The reticle in the scope is a red crosshair.  The box calls it a ‘CrossDot Reticle’, but I can see no dot, simply a red crosshair.  Unlike more expensive scopes, there is no green option.  On this scope, you can have a reticle in any color you want, as long as it’s red.  I counted seven different reticle brightness intensities, selected by turning the small knob on the left of the scope, opposite the windage adjustment.  The dimmest setting is dim enough to not be blinding in very dark conditions, and the highest setting is bright enough to see when shooting facing bright sunlight.

I mounted the scope on my flattop AR, and was pleased to see that the mounting base could be mounted forward enough to allow either a fixed or flip up rear sight installation.    The rail mount fit nicely on the rail of my rifle with no tweaking, force, or modifications.  The scope clamps to the rail with two Hex nuts that require a wrench to tighten.  The nuts have slots cut in them so you could theoretically use a big screwdriver, back of a knife blade, or a coin to loosen or tighten them in an emergency, but the studs the nuts go on protrude too far out into the nut, negating this possible feature.    I experienced no loosening of the mount during my testing, and am pleased with the mounting setup.

The AR’s existing fixed front sight and rear sight could still be utilized with the scope in place, with the iron sight picture occurring in the bottom 1/3 of the scope.

I took it to my range and sighted it in, noting the windage and elevation adjustments clicked nice, positive and predictable, and adjustment could be done with a penny. 

I shot several hundred rounds of .22lr through the rifle with this scope on top, and noted it held zero the whole time.  A few magazines of 5.56 revealed no point of impact shift or reticle blink under heavier recoil. I tested for Parallax by firing groups with the reticle at the extreme top, bottom, left and right side of sight picture, and noted that there was a 1” shift in point of impact at 50’.  I had to really work hard to get the reticle that far out of the center, and this shift is on par with much more expensive red dots I’ve tested.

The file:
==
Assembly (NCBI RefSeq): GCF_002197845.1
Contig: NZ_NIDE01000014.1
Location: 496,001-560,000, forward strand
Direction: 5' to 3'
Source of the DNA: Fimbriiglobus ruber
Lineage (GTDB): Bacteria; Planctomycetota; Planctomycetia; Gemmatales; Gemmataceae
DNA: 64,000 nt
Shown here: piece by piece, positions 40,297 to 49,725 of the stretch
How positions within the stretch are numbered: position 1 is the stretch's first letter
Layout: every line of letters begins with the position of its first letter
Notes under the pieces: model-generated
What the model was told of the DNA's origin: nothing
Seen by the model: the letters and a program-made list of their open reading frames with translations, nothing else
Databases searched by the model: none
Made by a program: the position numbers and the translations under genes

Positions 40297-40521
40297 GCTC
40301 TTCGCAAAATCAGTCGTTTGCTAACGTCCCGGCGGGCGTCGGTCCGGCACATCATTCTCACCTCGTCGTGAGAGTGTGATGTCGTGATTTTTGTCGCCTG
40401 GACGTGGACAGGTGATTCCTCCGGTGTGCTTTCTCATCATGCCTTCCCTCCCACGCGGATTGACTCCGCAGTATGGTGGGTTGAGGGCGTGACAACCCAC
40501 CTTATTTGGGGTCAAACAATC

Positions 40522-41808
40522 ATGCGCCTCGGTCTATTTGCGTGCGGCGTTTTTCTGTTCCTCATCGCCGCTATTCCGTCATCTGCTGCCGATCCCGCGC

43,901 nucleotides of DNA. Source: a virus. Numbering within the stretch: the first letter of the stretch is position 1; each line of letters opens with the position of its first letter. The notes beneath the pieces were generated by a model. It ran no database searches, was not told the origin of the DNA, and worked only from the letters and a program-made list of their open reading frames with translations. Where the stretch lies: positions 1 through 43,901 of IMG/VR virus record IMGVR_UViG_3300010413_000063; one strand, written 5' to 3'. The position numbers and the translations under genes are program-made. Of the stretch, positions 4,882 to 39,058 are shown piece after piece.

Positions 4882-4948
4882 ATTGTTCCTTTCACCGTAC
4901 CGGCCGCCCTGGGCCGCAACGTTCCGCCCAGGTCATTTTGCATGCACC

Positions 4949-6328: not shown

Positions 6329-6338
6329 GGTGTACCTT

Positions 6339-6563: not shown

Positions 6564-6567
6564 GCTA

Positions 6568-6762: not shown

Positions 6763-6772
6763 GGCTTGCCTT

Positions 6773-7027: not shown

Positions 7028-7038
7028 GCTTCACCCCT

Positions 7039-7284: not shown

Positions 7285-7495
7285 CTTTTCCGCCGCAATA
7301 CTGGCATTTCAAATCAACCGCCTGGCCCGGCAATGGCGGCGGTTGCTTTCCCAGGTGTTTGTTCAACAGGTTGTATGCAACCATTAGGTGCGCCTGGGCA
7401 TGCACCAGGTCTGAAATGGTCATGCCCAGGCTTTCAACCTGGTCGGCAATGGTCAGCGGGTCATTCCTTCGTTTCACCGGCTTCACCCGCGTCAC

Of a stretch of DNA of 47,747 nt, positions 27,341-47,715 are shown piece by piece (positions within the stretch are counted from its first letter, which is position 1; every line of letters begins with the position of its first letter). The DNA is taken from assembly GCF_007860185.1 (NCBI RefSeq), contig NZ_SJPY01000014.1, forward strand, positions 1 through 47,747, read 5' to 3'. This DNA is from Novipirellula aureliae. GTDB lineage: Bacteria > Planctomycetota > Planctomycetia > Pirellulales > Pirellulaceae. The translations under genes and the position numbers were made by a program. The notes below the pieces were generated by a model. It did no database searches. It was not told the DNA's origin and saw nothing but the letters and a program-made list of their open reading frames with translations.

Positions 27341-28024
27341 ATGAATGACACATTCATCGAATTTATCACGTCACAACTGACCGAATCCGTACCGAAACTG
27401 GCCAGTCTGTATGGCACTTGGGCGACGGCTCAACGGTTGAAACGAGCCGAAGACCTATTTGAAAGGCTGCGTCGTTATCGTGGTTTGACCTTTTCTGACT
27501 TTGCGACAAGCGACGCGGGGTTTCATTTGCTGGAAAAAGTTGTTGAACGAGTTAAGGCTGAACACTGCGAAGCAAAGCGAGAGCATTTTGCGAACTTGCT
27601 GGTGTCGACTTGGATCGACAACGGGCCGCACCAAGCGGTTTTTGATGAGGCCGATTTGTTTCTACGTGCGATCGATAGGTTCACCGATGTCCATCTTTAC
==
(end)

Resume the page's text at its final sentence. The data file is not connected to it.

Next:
I stuck the scope in the safe overnight with the reticle on to see if it was equipped with an auto shutoff feature, and confirmed that it does not have an auto shutoff, as it was still illuminated the next day.
Shooting at smaller targets at longer ranges made me wish the reticle was smaller.  The red crosshair is great and intuitive snap shooting at short distances, but gets large and in the way when trying to pick out a small target at further ranges.

The reticle is slightly blurry at higher intensities.   I thought it was my eyes, but I handed it to my 15 year old son with great eyes, and he agreed it was a bit blurry, also.  The blurriness is less prevalent at lower intensities.  The emitter that projects the crosshairs protrudes down from the ‘ceiling’ of the tube a bit, and is visible at the top of the sight picture.  The emitter does not have any glare or reflection, but it is a slight blockage of the top of the sight picture.

We all know that you get what you pay for when it comes to optics.   I think that this scope represents the entry level point for an acceptable red dot sight.  For $659 more, you can get an Aimpoint M4  and address any shortcomings this scope has.  However, if your budget for a red dot optic is hovering around $100, I think this one will serve you just fine.

Mark Spreadborough writes from his family homestead in Kalama, Washington, where he lives with his wife, son, daughter, dog and cat. When not writing, shooting, hunting, fishing or working on his property, he goes to his day job as a HVAC repair mechanic.